Intraocular melanoma, a rare cancer, is a disease in which cancer (malignant) cells are found in the part of the eye called the uvea. The uvea includes the iris (the colored part of the eye), the ciliary body (a muscle in the eye), and the choroid (a layer of tissue in the back of the eye). The iris opens and closes to change the amount of light entering the eye. The ciliary body changes the shape of the lens inside the eye so it can focus. The choroid layer is next to the retina, the part of the eye that makes a picture. The uvea contains cells called melanocytes, which contain color. When these cells become cancerous, the cancer is called a melanoma.
Intraocular melanoma occurs most often in people who are middle aged. If there is melanoma that starts in the iris, it may look like a dark spot on the iris. If melanoma is in the ciliary body or the choroid, a person may have blurry vision or may have no symptoms, and the cancer may grow before it is noticed. Intraocular melanoma is usually found during a routine eye examination, when a doctor looks inside the eye with special lights and instruments.
The chance of recovery (prognosis) depends on the size and cell type of the cancer, where the cancer is in the eye, and whether the cancer has spread.
Once intraocular melanoma is found (diagnosed), more tests will be done to find out exactly what kind of tumor the patient has and whether cancercells have spread to other parts of the body. This is called staging. A doctor needs to know the stage to plan treatment. Intraocular melanoma is staged based on the area of the eye where the tumor is found and the size of the tumor.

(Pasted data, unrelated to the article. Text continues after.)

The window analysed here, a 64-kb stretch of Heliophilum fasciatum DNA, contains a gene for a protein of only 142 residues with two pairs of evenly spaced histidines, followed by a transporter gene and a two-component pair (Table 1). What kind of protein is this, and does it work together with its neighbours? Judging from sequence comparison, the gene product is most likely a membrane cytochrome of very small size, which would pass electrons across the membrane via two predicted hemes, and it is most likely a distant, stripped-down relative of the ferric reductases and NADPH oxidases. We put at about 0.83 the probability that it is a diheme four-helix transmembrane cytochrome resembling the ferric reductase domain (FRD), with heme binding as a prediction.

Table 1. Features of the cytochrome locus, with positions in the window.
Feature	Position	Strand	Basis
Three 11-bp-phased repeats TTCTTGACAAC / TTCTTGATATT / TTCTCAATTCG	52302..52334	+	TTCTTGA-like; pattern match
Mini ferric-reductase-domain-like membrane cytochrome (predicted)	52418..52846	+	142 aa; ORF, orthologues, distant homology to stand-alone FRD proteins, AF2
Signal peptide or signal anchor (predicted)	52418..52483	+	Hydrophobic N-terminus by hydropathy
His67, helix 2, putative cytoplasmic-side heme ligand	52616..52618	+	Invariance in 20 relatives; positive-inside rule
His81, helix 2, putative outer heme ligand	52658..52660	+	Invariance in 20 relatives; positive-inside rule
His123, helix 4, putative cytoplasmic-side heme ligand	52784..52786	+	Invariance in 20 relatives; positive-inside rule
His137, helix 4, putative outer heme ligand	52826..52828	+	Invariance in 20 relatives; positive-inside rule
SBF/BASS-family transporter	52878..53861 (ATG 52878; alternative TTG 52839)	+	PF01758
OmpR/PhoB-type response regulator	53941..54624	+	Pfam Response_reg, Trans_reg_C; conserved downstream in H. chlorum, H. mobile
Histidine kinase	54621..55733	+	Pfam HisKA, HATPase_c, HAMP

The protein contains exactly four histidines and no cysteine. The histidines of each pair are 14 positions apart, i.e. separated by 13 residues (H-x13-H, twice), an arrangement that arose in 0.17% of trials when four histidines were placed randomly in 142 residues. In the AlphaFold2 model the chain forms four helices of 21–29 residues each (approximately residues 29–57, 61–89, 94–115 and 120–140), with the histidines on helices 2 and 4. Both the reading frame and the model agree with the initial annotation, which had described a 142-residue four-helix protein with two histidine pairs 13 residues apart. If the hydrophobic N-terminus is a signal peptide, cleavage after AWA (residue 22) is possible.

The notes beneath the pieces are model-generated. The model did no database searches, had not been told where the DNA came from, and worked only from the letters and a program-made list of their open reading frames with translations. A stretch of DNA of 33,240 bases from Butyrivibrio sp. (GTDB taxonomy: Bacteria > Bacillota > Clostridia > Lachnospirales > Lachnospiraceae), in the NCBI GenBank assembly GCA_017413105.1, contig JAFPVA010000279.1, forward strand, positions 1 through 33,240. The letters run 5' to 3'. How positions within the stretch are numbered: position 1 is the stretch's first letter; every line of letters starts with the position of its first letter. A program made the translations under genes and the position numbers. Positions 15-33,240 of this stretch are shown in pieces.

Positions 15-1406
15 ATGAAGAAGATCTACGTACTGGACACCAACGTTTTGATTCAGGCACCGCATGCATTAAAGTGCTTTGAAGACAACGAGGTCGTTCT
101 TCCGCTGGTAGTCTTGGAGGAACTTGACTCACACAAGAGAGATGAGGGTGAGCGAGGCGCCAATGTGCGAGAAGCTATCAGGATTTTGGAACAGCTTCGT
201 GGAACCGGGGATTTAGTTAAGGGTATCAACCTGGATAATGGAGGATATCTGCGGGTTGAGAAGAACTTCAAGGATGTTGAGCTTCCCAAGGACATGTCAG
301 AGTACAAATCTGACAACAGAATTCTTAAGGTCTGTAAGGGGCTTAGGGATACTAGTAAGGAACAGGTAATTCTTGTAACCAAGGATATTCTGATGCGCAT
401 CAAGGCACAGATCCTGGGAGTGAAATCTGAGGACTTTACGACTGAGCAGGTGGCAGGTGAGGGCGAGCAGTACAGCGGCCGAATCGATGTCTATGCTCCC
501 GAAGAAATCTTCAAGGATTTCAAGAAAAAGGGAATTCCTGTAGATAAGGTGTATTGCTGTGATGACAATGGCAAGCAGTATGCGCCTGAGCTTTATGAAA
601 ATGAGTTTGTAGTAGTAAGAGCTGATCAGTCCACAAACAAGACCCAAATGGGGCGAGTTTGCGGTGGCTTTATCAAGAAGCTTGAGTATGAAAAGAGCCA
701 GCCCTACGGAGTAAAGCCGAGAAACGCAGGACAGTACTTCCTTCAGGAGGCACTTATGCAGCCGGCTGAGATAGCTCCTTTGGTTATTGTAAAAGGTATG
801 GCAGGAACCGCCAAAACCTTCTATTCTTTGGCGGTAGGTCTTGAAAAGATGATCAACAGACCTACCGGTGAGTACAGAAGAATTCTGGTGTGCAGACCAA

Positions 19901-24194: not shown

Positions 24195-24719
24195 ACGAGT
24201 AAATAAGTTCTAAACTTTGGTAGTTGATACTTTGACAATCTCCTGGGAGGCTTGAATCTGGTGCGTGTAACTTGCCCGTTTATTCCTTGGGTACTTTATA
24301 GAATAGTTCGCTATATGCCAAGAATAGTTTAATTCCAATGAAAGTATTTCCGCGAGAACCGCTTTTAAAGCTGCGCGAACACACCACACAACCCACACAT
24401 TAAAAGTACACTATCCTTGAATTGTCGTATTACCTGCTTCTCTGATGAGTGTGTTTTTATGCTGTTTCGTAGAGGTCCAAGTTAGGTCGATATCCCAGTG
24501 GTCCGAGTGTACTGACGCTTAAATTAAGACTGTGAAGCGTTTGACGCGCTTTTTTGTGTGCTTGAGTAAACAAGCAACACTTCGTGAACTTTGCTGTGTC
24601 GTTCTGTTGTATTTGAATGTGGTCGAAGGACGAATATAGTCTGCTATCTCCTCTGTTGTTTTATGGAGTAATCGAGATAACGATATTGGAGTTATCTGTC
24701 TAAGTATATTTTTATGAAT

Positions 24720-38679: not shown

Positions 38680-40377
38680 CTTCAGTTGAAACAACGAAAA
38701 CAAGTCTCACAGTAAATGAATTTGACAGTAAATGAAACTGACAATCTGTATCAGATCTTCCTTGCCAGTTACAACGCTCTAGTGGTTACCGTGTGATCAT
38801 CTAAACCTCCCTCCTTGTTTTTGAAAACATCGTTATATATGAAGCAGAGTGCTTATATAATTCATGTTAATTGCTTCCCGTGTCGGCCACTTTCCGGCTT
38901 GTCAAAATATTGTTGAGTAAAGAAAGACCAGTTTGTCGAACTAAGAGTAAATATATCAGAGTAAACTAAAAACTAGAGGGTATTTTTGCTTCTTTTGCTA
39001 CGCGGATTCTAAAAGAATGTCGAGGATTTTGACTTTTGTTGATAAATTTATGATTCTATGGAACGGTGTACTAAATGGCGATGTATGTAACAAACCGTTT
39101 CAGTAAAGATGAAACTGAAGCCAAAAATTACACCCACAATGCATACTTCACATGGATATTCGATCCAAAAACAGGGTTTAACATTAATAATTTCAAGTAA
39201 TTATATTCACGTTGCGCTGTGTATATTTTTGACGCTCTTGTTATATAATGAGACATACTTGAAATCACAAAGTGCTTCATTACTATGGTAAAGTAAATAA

Intraocular melanomas of the iris occur in the front colored part of the eye. Iris melanomas usually grow slowly and do not usually spread to other parts of the body.
Intraocular melanomas of the ciliary body occur in the back part of the eye.
Intraocular melanomas of the choroid occur in the back part of the eye. They are grouped by the size of the tumor.
Small size choroidal melanoma is 3 millimeters or less in thickness.
Medium and large size choroidal melanomas are more than 3 millimeters in thickness.
The melanoma has spread outside the eye, to the nerve behind the eye (the optic nerve), to the eye socket, or to other parts of the body.
Recurrent disease means that the cancer has come back (recurred) after it has been treated.
There are treatments for all patients with intraocular melanoma. In some cases a doctor may watch the patient carefully without treatment until the cancer begins to grow. When treatment is given, three types of treatment are commonly used:
Surgery (taking out the cancer)
Radiation therapy (using high-dosex-rays or other high-energy rays to kill cancer cells)
Laser therapy (using an intensely powerful beam of light to destroy the tumor or blood vessels that feed the tumor).
Surgery is the most common treatment of intraocular melanoma. A doctor may remove the cancer using one of the following operations:
Iridectomy removes only parts of the iris.
Iridotrabeculectomy removes parts of the iris and the supporting tissues around the cornea, the clear layer covering the front of the eye.
Iridocyclectomy removes parts of the iris and the ciliary body.
Choroidectomy removes parts of the choroid.
Enucleation removes the entire eye.